A former recording studio at the rear of the house is now an exhibition hall with photographs of Marley and a theatre, where the tour closes with a 20-minute film. Also featured are Rastafarian religious cloaks, Bob Marley’s favourite denim shirt and the Order of Merit given to him by the Jamaican Government.

“It is a mission to maintain and keep the integrity and value of the historical site. We have had to find a balance in keeping it in its original state and complying with 21st century requirements,” Bruce said.

“The core of the house remains the same, although some of the space has been converted into offices and a recording studio,” she added.

Renowned percussionist Bongo Herman, who was a personal friend of Bob Marley, also makes the tour a memorable one with entertaining Nyabinghi drumming and demonstrations of the correct use of the percussion instruments.

In the lyrics from ‘No Woman No Cry’ Good friends we have had, oh good friends we've lost along the way (way) ... And then Georgie would make the fire light …
Georgie was an older man who lived in the Trench Town neighbourhood with Bob Marley. He would keep a fire going to light things up at night… “logwood burning through the night”.

Marley always liked porridge, and Georgie would cook it in the mornings, after a long night of tending the fire while the others sang. Georgie still lives at the Hope Road residence and after the tour, we observed him riding his bicycle around the property.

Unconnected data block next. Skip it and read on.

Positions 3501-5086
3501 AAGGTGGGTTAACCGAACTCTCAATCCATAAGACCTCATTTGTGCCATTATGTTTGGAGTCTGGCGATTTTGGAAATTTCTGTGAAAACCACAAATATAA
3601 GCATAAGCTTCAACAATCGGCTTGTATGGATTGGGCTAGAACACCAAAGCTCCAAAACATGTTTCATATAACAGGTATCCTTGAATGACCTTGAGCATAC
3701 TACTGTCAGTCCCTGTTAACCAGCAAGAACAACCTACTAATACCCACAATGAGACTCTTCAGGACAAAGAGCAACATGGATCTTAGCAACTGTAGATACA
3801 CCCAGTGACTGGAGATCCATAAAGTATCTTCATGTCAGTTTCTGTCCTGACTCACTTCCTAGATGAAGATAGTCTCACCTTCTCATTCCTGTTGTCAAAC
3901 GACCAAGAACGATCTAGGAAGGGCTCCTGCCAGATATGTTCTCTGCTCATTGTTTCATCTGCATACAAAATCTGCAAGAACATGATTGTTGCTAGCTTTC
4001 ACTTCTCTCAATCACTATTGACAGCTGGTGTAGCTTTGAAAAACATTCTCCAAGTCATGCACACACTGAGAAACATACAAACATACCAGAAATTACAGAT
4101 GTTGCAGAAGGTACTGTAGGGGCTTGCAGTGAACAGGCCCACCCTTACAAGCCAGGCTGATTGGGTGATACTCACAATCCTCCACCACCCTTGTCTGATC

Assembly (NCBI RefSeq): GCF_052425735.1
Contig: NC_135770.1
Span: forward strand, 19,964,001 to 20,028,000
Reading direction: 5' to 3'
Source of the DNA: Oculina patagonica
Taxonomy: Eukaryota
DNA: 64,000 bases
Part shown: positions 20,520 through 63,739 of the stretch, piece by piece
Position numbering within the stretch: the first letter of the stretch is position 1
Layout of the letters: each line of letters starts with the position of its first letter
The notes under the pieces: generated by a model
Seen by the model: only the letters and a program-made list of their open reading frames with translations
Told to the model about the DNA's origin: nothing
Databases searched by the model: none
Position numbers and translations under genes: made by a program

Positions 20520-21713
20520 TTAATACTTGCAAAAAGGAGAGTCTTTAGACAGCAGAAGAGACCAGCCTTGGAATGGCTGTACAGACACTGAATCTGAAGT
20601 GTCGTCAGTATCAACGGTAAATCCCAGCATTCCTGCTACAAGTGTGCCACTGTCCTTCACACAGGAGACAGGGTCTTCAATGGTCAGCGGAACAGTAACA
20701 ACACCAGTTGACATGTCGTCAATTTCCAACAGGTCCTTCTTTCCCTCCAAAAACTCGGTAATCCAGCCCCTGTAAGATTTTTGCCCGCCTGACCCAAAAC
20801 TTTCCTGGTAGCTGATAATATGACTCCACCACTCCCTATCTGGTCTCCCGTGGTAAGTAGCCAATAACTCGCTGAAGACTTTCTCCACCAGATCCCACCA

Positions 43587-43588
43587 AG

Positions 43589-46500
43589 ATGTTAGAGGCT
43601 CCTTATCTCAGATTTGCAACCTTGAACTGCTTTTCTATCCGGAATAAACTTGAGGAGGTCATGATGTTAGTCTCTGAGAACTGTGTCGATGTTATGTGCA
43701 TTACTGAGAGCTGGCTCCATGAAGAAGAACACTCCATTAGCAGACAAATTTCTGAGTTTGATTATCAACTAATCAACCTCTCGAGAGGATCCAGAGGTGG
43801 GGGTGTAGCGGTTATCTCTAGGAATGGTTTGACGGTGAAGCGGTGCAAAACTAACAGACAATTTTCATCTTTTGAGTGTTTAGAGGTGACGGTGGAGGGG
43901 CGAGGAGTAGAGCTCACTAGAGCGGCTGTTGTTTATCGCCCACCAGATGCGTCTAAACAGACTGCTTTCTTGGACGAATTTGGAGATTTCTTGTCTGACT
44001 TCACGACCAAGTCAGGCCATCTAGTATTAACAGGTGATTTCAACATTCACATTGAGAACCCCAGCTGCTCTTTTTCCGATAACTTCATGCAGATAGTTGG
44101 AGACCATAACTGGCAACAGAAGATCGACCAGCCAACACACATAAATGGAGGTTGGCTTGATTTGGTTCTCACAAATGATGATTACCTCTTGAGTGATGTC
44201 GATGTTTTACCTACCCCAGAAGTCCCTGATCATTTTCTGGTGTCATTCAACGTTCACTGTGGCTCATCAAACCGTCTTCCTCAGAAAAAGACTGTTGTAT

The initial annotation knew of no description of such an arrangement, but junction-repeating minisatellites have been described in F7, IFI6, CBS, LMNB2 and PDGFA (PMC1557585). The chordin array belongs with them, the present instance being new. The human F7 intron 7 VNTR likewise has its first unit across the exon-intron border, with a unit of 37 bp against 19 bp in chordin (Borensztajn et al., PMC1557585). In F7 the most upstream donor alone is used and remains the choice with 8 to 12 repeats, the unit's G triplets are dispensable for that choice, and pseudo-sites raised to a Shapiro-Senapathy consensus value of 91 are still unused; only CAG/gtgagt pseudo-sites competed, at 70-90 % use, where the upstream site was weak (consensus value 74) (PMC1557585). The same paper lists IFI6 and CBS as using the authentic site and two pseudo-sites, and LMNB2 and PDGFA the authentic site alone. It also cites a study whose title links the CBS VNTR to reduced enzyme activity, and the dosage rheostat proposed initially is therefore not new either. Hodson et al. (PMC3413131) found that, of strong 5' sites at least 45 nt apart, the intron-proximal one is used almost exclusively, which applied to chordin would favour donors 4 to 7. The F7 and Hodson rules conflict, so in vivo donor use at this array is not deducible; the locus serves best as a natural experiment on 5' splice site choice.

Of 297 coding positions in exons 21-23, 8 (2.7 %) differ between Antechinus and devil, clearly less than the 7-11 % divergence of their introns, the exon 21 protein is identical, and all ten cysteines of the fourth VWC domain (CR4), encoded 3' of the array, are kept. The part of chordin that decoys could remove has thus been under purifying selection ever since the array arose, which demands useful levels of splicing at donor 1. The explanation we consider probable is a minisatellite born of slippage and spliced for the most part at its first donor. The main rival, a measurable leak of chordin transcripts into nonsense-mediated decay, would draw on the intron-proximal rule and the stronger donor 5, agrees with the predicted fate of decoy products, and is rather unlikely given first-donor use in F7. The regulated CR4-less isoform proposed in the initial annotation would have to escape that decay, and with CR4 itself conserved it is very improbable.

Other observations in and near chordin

Baptised in the Ethiopian Orthodox Church as Berhane Selaisse, meaning ‘Light of the Trinity’ Marley will not be forgotten as his memory lives on not only in Jamaica but  all over the world.  Although Marley passed at a very young age, 36 to be exact,  he had a rebel type of approach, but his rebelliousness had a clearly defined purpose to it. It wasn’t just mindless rebelliousness; he was rebelling against the circumstances in which he and so many people found themselves.

A statue of Marley, mastered by sculpture Pierre Rouzier, welcomes visitors to the museum. On May 31, 2001 by virtue of Marley’s significant contribution to the establishment of Reggae music as part of Jamaica’s cultural heritage the site was designated a protected national heritage site by the Jamaica National Heritage Trust (JNHT). On average more than 35,000 persons visit the museum each year.

Bob Marley’s life is the story of a man who rose from humble beginnings to achieve worldwide greatness. His life and work will no doubt transcend many generations, and he will be remembered as one of the world’s greatest musical legends.

His legacy also continues through his music that is produced though Tuff Gong International, located at 220 Marcus Garvey Drive, Kingston 11. For more information visit www.bobmarleymuseum.com or  www.tuffgongjamaica.com ; on Facebook tuffgonginternational or on Twitter@tuffgongstudio.

keisha.hill@gleanerjm.com

ABOUT THE VISIT:

Monday - Saturday

First Tour: 9:30 am

Last Tour: 4 p.m.

Each tour is 1 hour. 

Non-Residents - Adults: US$20

Children (Ages 4 – 12): US$10

Residents - Adults: J$500

Children (Ages 4-12): J$250

There is a café on the compound where you can relax and get food and refreshments. Unfortunately, no photos are allowed to be taken inside the home, however photographs can be taken outside the house by the murals depicting Bob Marley and his family.